Driven by Data

Financial Per Pupil Analysis: Why You Want It, and How You Can Do It

Effectively analyzing school financial statements across multiple years can be challenging. Changes in facilities, organizational structure, fundraising strategies, or student population (including opening or closing campuses, adding new grade levels, or experiencing demographic shifts) complicate the comparability of financials.

Per pupil analysis recognizes that student count is a key factor in understanding school financial statements. It is a simple ratio that helps schools gain insight into how much money is received and spent per student, and in this way, helps to provide a base for more complex strategic conversations as leaders analyze trends and plan for the future.

In practice, the formula can be as high-level and simple as this: total expense / number of students = per pupil spending. The analysis can also be adapted to hone in on more specific areas. For example: total recruitment dollars spent / number of new students = recruitment cost per student.


Use #1: Accurately Identify Trends in Historical Data 

As mentioned above, per pupil analysis can help school leaders draw the right conclusions from changes in financial data.

Let’s use student supplies cost as an example. A quick look at the financial data below shows a 25% year-over-year increase in student supply expense – a potentially alarming trend:

Total Student Supplies Spending by Year

But if we account for the fact that enrollment grew from 344 to 420 students, the change in spending on a per-student basis starts to look far less extreme. In fact, spending per student has increased less than 3%:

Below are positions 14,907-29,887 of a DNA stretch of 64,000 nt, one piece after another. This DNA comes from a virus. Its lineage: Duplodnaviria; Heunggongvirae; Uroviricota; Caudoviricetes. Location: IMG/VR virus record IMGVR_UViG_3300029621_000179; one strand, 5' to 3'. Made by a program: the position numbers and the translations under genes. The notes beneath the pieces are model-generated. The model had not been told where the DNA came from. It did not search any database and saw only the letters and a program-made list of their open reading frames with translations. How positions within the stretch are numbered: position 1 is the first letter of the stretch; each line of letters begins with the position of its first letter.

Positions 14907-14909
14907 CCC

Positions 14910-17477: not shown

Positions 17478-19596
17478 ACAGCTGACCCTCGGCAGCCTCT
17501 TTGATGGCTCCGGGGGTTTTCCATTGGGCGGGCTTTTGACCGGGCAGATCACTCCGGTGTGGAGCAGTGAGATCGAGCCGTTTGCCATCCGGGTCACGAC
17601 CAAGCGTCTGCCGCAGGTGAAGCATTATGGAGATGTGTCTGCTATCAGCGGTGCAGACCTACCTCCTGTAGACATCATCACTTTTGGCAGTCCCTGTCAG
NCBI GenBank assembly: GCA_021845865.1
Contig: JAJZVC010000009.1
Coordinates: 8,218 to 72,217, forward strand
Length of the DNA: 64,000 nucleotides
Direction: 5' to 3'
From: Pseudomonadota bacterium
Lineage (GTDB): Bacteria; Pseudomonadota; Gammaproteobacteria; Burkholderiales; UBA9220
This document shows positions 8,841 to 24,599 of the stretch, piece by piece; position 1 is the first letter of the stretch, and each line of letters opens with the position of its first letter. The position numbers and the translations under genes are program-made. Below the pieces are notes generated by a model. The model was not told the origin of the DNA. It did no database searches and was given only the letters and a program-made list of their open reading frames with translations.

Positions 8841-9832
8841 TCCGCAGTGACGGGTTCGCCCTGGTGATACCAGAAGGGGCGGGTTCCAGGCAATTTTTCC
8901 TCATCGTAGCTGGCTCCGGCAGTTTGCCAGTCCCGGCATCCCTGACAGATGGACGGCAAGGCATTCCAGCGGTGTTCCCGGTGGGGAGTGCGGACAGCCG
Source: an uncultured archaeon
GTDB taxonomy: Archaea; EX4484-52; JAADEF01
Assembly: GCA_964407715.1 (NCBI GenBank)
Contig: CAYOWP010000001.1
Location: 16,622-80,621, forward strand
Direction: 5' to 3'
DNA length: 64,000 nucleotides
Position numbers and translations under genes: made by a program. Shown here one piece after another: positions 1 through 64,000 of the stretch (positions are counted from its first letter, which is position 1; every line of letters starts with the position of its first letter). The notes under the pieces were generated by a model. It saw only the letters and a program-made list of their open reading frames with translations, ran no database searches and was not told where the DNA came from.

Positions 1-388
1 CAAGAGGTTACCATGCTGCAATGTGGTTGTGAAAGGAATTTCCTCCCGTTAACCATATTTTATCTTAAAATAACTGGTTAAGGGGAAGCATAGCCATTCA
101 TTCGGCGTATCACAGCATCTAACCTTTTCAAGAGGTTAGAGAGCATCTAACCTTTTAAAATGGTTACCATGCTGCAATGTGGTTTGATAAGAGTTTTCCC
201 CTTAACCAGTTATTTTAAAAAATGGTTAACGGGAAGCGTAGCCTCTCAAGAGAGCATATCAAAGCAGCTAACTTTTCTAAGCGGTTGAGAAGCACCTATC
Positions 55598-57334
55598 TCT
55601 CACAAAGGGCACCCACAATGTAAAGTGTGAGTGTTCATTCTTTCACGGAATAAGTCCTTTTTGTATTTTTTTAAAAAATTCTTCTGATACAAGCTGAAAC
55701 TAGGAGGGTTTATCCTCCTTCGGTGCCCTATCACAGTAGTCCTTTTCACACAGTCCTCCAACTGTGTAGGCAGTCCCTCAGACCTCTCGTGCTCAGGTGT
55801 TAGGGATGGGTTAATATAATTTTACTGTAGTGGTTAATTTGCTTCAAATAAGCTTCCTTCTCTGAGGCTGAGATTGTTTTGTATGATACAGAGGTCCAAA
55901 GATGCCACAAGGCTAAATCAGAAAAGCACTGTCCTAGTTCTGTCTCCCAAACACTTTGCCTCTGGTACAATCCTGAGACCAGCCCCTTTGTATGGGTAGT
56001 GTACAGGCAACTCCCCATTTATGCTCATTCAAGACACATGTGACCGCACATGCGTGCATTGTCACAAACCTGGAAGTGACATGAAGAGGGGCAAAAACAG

Per Pupil Student Supplies Spending by Year

By performing a per student analysis, schools wanting to dig deeper into this spending are equipped to have more meaningful conversations with vendors and other stakeholders as they craft an updated strategy for their schools.


Use #2: Plan for the Future

Per pupil analysis is an important tool for creating budgets or multi-year forecasts. In addition to being used to index revenue and expense line items to account for changes in student population, it can also help to highlight areas of efficiency or concern. For example, student transportation may be more costly on a per student basis if the school has multiple buses that are not full. This per student cost data can shape larger operational conversations around whether the bus routes need to be evaluated for efficiency. The analysis can also provide insight for a school evaluating future expenditures, such as upgrading facilities. Because revenue is so closely tied to student count, the school will need to calculate the per pupil cost of a new facility to evaluate whether it is affordable, especially if the new facility is not immediately at capacity.


Use #3: Compare to Regional Averages

How do school leaders know how their spending compares to other schools? As with identifying trends, comparing total expenses could be misleading if the comparison schools are much smaller or much larger than the school to which they are being compared. Per pupil analysis, however, provides a means for schools to effectively benchmark their financials against district, state, and national averages, highlighting any areas that deviate greatly from regional trends. Identifying these deviations will necessarily raise questions about the underlying cause.  Is a school overspending on student supplies because of inefficiencies in supply ordering, or does the school’s program require more specialized and costly supplies? Strategic, intentional decisions may drive higher or lower spending in certain categories. A per-pupil analysis can help schools identify areas where they differ from the sector so leaders can decide whether the difference is intentional and to be maintained, or accidental – and to be remedied.


 

[This post contributed by Karianne Chassee, Regional Manager (Louisiana)]